From this perspective, it is not surprising that US investment rates have fallen since the Financial Crisis. While declining investment rates were a common phenomenon among advanced economies, the drop was the sharpest in the US (Figure 3). The US’s average investment rate in 2010-19 fell slightly below that of the Euro Area and well below those of Japan and Korea. Low investment rates bode poorly for future productivity growth.

Figure 3

Rather than invest in raising productivity, American firms sought to increase their competitiveness by offshoring and outsourcing. Important savings came from reducing healthcare costs. US healthcare costs have risen very rapidly, from 5 percent of GDP in 1960 to close to 18 percent of GDP in 2019. Moreover, unlike European countries and Canada, healthcare in the US is provided privately, often through employer-sponsored insurance plans.  According to Nobel Prize-winning economist Angus Deaton, the average individual and family health insurance policies cost USD10,000 and USD20,000 respectively in 2019. “Those costs are just not tolerable for a firm to pay for a worker who is only worth about USD30,000 or USD20,000 a year,” says Deaton. “That’s one reason why so many companies have shed their jobs that are available to less educated workers. Very few large corporations have their own janitors, food service workers, drivers, security, or call center operators anymore — they contract those jobs out.”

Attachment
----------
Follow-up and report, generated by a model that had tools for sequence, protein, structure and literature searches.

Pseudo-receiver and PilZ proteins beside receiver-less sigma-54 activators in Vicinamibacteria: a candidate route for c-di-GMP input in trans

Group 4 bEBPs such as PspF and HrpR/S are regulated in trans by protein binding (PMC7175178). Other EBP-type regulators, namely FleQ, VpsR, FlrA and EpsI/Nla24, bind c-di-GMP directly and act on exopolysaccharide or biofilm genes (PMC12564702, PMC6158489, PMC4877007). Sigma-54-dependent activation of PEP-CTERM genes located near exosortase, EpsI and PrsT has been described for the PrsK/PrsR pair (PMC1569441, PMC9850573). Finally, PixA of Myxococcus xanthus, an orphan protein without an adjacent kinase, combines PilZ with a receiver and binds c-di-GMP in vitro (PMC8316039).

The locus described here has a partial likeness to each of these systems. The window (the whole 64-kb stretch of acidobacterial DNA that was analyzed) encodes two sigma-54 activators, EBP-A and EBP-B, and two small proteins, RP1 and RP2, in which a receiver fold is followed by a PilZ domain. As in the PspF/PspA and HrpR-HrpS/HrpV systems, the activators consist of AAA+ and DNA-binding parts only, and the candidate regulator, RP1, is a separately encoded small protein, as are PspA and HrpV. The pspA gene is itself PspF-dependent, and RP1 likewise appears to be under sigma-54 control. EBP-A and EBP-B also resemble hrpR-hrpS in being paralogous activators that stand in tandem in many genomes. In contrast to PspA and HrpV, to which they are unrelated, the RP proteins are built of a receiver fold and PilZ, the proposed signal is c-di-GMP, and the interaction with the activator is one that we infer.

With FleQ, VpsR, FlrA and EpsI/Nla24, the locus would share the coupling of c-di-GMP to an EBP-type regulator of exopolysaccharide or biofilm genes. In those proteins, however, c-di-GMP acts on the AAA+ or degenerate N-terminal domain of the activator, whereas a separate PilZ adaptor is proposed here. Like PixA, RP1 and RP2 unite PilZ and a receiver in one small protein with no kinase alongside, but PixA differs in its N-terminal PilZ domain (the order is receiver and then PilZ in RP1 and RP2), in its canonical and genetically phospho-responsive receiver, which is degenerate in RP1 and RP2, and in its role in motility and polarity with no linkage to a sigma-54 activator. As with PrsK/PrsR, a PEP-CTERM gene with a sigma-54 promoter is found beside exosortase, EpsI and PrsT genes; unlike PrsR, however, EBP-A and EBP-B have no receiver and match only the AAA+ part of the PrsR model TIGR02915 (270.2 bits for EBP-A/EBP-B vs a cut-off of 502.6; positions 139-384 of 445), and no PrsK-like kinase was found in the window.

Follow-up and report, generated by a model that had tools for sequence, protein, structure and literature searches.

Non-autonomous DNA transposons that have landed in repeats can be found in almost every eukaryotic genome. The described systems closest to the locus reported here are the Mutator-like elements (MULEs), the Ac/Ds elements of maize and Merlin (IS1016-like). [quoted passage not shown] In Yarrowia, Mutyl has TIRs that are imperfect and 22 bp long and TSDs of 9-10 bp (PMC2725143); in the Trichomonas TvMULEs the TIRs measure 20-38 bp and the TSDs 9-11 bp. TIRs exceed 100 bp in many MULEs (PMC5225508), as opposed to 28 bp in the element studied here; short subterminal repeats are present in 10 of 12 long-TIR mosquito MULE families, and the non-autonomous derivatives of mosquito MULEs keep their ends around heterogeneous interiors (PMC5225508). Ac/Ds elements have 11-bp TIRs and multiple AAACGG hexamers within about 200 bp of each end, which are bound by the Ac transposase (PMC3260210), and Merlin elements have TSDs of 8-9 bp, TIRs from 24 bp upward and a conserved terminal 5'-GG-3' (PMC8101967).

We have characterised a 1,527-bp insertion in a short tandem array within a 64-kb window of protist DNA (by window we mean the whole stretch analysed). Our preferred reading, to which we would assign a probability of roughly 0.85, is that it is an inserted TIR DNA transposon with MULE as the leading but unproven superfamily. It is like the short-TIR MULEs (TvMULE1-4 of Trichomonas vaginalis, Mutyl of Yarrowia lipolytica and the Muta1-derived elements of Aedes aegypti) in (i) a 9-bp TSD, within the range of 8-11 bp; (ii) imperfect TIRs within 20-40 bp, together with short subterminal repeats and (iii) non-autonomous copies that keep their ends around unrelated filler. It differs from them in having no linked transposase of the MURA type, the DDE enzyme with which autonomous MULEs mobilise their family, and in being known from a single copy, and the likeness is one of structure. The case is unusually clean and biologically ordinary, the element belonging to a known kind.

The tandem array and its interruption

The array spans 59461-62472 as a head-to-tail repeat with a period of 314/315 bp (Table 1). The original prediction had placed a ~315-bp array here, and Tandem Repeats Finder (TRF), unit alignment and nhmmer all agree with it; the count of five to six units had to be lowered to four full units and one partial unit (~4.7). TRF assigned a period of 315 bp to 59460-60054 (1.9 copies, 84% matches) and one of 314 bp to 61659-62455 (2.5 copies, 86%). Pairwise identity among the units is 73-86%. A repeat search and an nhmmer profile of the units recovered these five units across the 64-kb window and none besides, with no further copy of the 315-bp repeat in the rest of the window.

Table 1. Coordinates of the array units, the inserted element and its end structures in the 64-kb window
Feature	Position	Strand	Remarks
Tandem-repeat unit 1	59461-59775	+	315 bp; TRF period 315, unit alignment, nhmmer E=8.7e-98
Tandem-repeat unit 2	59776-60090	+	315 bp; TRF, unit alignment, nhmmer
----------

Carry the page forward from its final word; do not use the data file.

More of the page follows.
The drive to reduce costs is also evident in the growth of the “gig economy”, where workers are paid for the "gigs" they perform – such as a food delivery or a car journey – instead of receiving a regular wage and benefits. In California, app-based transportation and delivery companies lobbied for the passage of Proposition 22, which allows them to treat their drivers as independent contractors rather than employees. This allows the companies to avoid paying benefits such as time-and-a-half for overtime, sick leave, health care and unemployment insurance.

While cutting costs can certainly help firms become more economically competitive and boost their profitability, it does little to improve technical productivity. And it is productivity that ultimately raises living standards. The risk is that the US corporate sector will not turn its attention to raising technical productivity until it has exploited every last efficiency to increase economic competitiveness.

Medium-term risk #2: Can the US bear the costs of becoming a low-carbon economy?

While American firms have been focused on increasing their economic competitiveness, the push to address global warming has the potential to significantly increase their costs of doing business. The US economy is particularly carbon-intensive. In 2019, per capita carbon emissions were 15 tons, double the amount in the EU. Both the US and the EU have announced emission reduction plans. Even if these plans are fully implemented, Americans will still be outsized emitters. By 2030, per capita emissions in the US would still be higher than those in the EU today and double the EU’s 2030 target (Figure 4).